ON Thursday last week I was lucky enough to be invited to the newly renovated Fairfield Shipbuilding and Engineering office building in Govan for a celebration of the history of shipbuilding on the Clyde, co-hosted by the Fairfield Heritage Centre and the Royal Navy.

I joined Carol Monaghan MP, whose constituency includes the Scotstoun BAE yard, and Pat Cassidy – the man behind Govan Workspace and the Fairfield building’s new lease of life – and many others.

In Scotland we are incredibly proud of our shipbuilding expertise – both historical and current – but I would venture to say that none are more proud and knowledgeable than the people of Govan, particularly those whose families have lived there for generations.

Ships built in Scotland have travelled across the world, cargo boats, ocean liners, naval vessels, and Govan Fairfield was once at the very centre of the industry, it would be no exaggeration to say it was the best shipyard in the world.

More recently the Govan shipyards have been owned by BAE systems, working on naval contracts.

I was pleased to hear in May this year that BAE had decided to invest £100 million in the Govan and Scotstoun yards, showing continued confidence in the skilled workforce Glasgow has to offer.

Combine this with their new contract to build Type 26 Frigates and it’s clear that shipbuilding will continue to thrive in Govan.

History is an important part of any community’s identity, if you take away a people’s history you take away their roots.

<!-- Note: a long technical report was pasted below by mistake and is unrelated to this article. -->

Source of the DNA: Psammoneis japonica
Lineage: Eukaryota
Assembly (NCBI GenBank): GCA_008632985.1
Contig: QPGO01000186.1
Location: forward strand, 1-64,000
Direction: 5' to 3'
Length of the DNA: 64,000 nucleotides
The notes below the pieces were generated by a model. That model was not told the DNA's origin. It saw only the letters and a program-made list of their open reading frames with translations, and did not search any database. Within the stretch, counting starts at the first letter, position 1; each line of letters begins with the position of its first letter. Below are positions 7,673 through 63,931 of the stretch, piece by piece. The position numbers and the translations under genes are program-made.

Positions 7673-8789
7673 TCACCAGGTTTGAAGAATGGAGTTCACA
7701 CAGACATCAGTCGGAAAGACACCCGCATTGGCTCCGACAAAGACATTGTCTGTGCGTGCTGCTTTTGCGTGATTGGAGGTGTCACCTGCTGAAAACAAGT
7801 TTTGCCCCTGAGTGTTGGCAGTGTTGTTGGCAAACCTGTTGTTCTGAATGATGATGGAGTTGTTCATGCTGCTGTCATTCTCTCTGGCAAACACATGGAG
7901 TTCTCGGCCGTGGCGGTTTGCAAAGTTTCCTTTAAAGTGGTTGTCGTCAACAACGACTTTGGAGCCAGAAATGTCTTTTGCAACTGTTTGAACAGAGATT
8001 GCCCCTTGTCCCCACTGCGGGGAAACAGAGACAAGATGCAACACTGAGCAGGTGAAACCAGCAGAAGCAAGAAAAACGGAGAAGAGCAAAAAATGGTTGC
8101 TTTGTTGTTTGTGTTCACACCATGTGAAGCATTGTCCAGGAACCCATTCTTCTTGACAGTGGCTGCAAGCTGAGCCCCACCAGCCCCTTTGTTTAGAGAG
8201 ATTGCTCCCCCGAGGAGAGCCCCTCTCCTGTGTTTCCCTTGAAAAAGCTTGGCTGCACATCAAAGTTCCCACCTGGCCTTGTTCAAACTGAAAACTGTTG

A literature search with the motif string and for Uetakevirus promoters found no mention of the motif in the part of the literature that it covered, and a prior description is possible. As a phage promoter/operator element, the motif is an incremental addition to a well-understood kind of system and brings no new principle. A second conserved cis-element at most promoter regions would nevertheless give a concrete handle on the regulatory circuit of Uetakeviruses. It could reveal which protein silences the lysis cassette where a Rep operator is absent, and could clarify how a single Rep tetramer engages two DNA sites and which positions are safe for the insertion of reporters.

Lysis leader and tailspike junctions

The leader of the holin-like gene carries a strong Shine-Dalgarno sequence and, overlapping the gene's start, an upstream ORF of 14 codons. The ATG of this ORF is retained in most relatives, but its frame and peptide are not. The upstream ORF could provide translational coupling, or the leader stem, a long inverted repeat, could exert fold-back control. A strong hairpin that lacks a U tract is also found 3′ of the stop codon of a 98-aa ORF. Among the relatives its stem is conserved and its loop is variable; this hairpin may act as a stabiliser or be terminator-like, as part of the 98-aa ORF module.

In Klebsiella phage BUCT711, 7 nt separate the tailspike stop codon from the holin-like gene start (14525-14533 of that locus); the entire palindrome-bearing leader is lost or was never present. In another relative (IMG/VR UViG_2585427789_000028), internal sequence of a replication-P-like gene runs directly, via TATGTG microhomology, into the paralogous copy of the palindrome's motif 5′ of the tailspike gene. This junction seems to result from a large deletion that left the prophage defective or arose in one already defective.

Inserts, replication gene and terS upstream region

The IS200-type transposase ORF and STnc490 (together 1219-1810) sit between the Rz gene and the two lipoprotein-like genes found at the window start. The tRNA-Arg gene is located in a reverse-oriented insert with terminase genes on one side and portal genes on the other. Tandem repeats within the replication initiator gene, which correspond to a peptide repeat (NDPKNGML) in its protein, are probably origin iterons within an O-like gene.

The Fairfield Heritage Centre is vital to keeping alive the history of the Fairfield shipyard and its connection to Govan.

If you stand on Govan Road and look forward at the huge, majestic sandstone office building and then along the road at the looming red brick walls lined with barbed wire you can see how easily someone could walk along and have no idea of what history, what industry existed behind it.

The Fairfield Heritage Centre is a fantastic resource for tourists, local residents and schoolchildren to learn about shipbuilding in Govan, and for Govanites to relive the stories passed down to them by older generations.

However, the team behind Fairfield Heritage wanted to make the centre about more than just the past; up on the top floor, an incredibly transformation has taken place.

What was last used as offices by Fairfield engineers and draughtsmen is now the Govan Workspace – filled with contemporary feeling office spaces, incubation hubs and meeting rooms.

This space has not been leased to any old business, but was intended to introduce new and sustainable businesses to Govan.

Already they’ve got some great tech start-ups and social enterprises in renting space – the beginnings of a new age of innovation and modern industry for the area.

The idea is that business rooted in Govan will then stay in Govan.

Govan’s innovation and skilful workforce should not be spoken about as a thing of the past, with great initiatives like Govan Workspace it’s also very much part of its future.